Keep your eyes peeled; future generations may be able to have their chippy tea on Mars.
A lab in Lima, Peru has successfully grown a potato plant in an environment simulating Mars.
Scientists at the International Potato Centre (yes, really) collaborated with Nasa on the project. They believe the experiment shows promising evidence potatoes can be grown in harsh conditions. The centre seeks sustainable solutions to world hunger, poverty and the degradation of natural resources.
The results could benefit not only future space colonisation, but also regions with cold, high carbon-dioxide surroundings which struggle to produce other sources of food.
The simulator was created to mimic conditions on Mars: frigid temperatures, high concentrations of carbon monoxide, air pressure found at 6,000 metres and lights that imitated Martian day and night.
Peru, home to thousands of varieties of potatoes, also has a high diversity of environments.
Scientists found high-salinity soil similar to Mars’, 700 kilos of which was transported to Lima for the experiment. Out of the 65 varieties planted, only four sprouted.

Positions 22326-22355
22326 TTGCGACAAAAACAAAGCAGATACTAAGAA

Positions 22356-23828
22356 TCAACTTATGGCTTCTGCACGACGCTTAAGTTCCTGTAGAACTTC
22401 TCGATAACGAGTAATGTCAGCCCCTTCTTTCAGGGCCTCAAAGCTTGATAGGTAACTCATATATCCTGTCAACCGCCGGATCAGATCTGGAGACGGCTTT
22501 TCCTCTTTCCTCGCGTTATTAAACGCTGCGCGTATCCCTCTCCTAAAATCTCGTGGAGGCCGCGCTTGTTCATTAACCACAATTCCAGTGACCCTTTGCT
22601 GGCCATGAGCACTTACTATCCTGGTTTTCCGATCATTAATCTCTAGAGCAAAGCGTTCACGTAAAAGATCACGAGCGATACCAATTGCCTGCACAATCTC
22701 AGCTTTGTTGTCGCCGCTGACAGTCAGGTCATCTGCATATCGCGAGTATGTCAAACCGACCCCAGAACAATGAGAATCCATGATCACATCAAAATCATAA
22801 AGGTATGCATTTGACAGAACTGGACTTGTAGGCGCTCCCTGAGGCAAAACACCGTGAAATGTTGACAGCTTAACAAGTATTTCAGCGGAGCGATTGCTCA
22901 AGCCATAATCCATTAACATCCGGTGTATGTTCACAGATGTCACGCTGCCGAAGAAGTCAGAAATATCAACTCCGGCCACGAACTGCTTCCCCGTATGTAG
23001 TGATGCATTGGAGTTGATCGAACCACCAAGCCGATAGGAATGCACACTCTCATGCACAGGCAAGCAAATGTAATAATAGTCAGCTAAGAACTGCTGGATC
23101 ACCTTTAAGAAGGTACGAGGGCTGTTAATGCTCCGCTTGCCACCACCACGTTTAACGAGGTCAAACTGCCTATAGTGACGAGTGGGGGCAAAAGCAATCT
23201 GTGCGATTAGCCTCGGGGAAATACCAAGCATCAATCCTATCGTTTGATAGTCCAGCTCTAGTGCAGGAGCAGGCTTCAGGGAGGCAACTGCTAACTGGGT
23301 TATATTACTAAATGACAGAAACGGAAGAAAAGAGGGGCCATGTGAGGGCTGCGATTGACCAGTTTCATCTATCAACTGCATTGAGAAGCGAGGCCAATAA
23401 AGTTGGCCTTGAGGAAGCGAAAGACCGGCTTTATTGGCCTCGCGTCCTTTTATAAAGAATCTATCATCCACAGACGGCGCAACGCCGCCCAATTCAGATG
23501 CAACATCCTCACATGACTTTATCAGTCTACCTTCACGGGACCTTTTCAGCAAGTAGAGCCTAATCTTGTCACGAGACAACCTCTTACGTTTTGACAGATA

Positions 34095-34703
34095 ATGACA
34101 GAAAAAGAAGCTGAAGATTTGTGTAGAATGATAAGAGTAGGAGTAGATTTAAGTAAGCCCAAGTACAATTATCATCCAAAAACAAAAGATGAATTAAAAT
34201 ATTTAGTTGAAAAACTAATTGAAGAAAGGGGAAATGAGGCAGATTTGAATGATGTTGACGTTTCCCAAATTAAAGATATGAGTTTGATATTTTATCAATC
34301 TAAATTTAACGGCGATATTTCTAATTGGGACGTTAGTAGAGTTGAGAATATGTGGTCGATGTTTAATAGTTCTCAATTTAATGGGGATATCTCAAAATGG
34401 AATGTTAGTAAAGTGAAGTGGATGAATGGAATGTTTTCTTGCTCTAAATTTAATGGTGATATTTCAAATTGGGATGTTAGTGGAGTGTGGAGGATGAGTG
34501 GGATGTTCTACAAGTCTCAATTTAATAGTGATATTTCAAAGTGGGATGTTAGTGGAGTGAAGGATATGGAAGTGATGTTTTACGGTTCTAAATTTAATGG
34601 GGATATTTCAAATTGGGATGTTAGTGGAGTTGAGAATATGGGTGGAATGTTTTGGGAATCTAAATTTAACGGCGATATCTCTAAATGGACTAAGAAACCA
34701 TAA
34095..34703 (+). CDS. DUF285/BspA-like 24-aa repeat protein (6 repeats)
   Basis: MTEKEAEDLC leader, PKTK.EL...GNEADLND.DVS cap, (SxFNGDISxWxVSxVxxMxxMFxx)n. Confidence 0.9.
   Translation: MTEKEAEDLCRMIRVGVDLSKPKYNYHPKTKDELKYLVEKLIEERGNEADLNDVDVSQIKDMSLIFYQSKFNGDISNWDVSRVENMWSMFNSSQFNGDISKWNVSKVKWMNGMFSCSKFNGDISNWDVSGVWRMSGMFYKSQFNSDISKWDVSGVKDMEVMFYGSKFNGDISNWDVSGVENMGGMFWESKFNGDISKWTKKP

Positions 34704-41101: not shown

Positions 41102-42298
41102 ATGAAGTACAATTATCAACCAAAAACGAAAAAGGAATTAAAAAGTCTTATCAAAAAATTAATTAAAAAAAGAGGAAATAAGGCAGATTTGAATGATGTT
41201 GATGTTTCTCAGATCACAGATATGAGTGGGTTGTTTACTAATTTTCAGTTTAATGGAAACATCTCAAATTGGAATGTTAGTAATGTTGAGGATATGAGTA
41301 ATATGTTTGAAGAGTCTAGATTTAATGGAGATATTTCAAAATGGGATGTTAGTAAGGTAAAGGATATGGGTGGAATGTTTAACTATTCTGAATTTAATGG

The final product was monitored 24/7 by live-streaming cameras and sensors that modified the simulator’s conditions.
Check out a video of the spud sprouting:
The winning variety, dubbed “Unique”, is known as a “super potato”, said Julio Valdivia, an astrobiologist at Peru's University of Engineering and Technology.
"It's not only about bringing potatoes to Mars, but also finding a potato that can resist non-cultivable areas on Earth," he said.
Scientists will continue the experiment by building three additional simulators and increasing the carbon dioxide concentrations to mimic Mars’ atmosphere more accurately. They also hope to test more varieties of potato.
Budweiser is also attempting an out-of-this world gastronomic venture with its anti-gravity beer, announced at South by Southwest Interactive Festival (SXSW) earlier this month.
French fries and beer in space? Looks like the human race is off to a great starch.